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Diamonds.. are forever; and while the word comes from the Greek word meaning ‘not conquered’, a diamond was believed to be the tears of gods and splinters from falling stars. The value of such mythical beliefs continues to be felt to this day.


Since these precious items can cost quite the pretty penny; they have become a way of expressing how important someone is to you. Read on to know more about how compressed air lets you keep your promise to your loved ones.

Rough Beginnings

Natural diamonds were formed billions of years ago at a depth of 300 km within the earth’s crust. Under immense pressure and temperature, carbon atoms combined to crystallise and grow as diamonds within rocks. The diamond-bearing ore was brought to the surface through volcanic eruption. After the magma cooled, it solidified into blue ground, or kimberlite, where precious rough diamonds are still found today.

Rated 10 on the Mohs scale of hardness, diamonds are the hardest substance on earth. (Mohs scale measures a mineral’s hardness)

What You ‘C’ is What You Get

A diamond’s beauty and value centres around four key factors (the four Cs) —clarity, colour, carat, and cut. The clarity refers to the presence of flaws such as cracks and chips, on and within the stone. The colour ranges from colourless to yellow; and includes the rare pinks, blues, and greens known as ‘fancies’. Carat is the weight of the diamond. The value of a diamond increases exponentially in relation to carat weight since larger diamonds are both rare and desirable.

The Secret Behind the Sparkle

Although modern mining began in South Africa in the late 19th century, the art of diamond polishing and cutting has its origin in India, where artisans made a diamond sparkle simply by rubbing one diamond against the other.

A diamond must first be meticulously studied and then marked for cutting, as each stone is different. The rough diamond is divided into two parts by sawing or cleaving. Most stones are sawn across the ‘grain’ (visible evidence of the diamond’s crystal structure). The stones that are marked for cleaving are split along the grain by a single blow from a steel blade.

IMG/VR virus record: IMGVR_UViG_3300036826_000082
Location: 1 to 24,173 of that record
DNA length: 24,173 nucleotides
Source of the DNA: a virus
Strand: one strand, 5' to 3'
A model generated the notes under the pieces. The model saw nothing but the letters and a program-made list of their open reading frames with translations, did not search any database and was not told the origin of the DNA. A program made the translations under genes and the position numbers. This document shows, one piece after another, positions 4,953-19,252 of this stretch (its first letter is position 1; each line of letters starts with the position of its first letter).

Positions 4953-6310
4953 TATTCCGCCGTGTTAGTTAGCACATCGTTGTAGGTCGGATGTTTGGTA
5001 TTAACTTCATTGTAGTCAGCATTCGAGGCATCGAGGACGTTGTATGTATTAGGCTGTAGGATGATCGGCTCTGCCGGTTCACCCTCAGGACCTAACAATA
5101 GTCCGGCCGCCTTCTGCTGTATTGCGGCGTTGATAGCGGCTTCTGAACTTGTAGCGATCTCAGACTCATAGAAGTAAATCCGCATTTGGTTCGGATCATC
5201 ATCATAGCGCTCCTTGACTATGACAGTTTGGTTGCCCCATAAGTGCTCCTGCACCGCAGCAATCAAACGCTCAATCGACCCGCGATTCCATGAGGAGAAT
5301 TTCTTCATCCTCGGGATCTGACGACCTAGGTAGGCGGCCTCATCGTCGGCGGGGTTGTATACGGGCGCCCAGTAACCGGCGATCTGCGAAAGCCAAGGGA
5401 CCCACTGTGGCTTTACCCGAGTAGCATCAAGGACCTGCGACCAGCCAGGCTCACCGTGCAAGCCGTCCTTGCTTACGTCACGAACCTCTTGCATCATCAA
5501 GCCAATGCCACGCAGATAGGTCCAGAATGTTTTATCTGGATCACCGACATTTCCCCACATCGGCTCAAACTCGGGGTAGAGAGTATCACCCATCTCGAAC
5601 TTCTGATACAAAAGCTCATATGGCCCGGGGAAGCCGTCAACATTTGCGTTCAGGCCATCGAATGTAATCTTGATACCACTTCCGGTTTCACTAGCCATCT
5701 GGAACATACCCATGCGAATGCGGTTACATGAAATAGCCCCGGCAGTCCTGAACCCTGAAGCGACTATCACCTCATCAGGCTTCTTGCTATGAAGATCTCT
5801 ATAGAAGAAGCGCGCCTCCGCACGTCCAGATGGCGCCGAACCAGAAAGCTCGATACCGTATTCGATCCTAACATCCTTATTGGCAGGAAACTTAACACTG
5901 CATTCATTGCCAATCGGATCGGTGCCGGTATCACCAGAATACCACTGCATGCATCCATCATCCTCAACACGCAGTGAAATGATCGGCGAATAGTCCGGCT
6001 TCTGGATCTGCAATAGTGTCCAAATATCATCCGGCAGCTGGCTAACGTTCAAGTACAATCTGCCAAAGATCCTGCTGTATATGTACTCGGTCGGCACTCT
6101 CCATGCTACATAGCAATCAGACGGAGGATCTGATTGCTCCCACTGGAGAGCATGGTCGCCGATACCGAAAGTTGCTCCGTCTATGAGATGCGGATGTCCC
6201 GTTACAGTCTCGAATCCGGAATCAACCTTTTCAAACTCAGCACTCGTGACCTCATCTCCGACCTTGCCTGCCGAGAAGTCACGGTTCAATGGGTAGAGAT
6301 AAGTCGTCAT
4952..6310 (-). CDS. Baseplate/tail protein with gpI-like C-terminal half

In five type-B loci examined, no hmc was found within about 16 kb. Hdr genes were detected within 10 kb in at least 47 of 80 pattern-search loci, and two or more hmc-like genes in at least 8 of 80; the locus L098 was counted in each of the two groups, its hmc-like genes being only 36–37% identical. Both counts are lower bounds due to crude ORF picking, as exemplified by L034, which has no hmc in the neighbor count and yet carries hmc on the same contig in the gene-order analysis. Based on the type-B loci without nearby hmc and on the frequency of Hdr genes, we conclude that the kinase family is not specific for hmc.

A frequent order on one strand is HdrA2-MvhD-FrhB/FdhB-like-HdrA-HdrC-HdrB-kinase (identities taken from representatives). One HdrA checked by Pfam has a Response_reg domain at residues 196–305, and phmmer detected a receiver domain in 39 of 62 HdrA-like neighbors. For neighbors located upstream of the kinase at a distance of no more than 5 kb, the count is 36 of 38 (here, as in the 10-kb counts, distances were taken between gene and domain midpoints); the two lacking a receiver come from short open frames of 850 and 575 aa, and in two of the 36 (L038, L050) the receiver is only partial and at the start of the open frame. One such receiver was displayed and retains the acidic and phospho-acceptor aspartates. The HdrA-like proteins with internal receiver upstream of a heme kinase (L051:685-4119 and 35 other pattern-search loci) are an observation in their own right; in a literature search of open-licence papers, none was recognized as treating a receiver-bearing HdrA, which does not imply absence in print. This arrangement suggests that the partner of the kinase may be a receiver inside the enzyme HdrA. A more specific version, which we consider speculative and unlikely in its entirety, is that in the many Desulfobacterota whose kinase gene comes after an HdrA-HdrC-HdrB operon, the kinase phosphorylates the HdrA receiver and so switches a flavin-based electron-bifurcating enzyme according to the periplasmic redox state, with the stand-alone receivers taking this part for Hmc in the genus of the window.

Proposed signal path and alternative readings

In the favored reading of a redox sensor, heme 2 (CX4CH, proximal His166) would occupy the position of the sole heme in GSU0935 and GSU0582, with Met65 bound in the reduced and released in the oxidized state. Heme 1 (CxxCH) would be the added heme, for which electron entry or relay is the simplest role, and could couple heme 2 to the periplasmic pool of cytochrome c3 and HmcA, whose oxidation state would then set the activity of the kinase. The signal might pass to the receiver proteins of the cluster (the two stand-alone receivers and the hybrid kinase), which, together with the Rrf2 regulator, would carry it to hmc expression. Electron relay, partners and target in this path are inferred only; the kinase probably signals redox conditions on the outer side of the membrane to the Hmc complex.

The polishing of the diamond begins by first grounding the facet to the stone. A facet is a tiny plane that traps the light and makes a diamond sparkle. The facets are applied to the diamond on a turntable, which is coated with diamond dust and oil. The diamond is set into a holder and held against the turntable as it revolves at a very high speed. It requires anywhere between a few hours to several months to cut and polish a diamond, during which it loses half its original weight on an average.

Today, the traditional diamond cutting tools have now been replaced by modern machinery, which uses lasers.

Only 20 per cent of the diamonds mined are suitable for polishing, and the remaining 80 per cent are of industrial quality– which find application in wire dies, surgical instruments, heat sinks, and others in the electronics and aerospace industries.

An Indian case study

Surat is the nerve centre of the diamond cutting and polishing industry in India, famed for its handmade jewellery. More than half of the world’s export of cut and polished diamond is from India!

A leading diamond manufacturing company, K.P. Sanghvi & Sons increased the level of automation in diamond manufacturing by introducing laser facilities for cutting diamonds. Laser cutting technology provides the manufacturer with higher accuracy in cutting, in addition to ensuring maximum utilisation of the rough stone.

Many diamonds with distorted growth, are impossible to cut by conventional means because of the changes in sawing planes. A stone such as this can now be sawed by laser without regard for the grain. At the point where the laser strikes the diamond, the temperature is very high. The heat generated during the process is lowered   by directing cooler compressed air on the cutting surface of the diamond. Apart from this application, compressed air is used with pneumatic valves which  hold uncut diamonds. Downstream accessories such as dryers and filters are used so that the compressed air in these applications is free of moisture and oil.

The use of advanced technologies has been established in the diamond industry, where smaller stones are often cut and polished using laser equipment.

With laser facilities, the potential for rare fancy cuts is limitless. ELGi provides dependable compressed air solutions to prevent unwanted downtime loses in repair and misses in maintenance.

For manufacturers in the diamond industry, it is essential to have reliable compressed air systems for profitable production lines. ELGi keeps this in mind while building its compressed air solutions.

Explore the range of ELGi’s oil-free air compressors https://www.elgi.com/oil-free-compressors/

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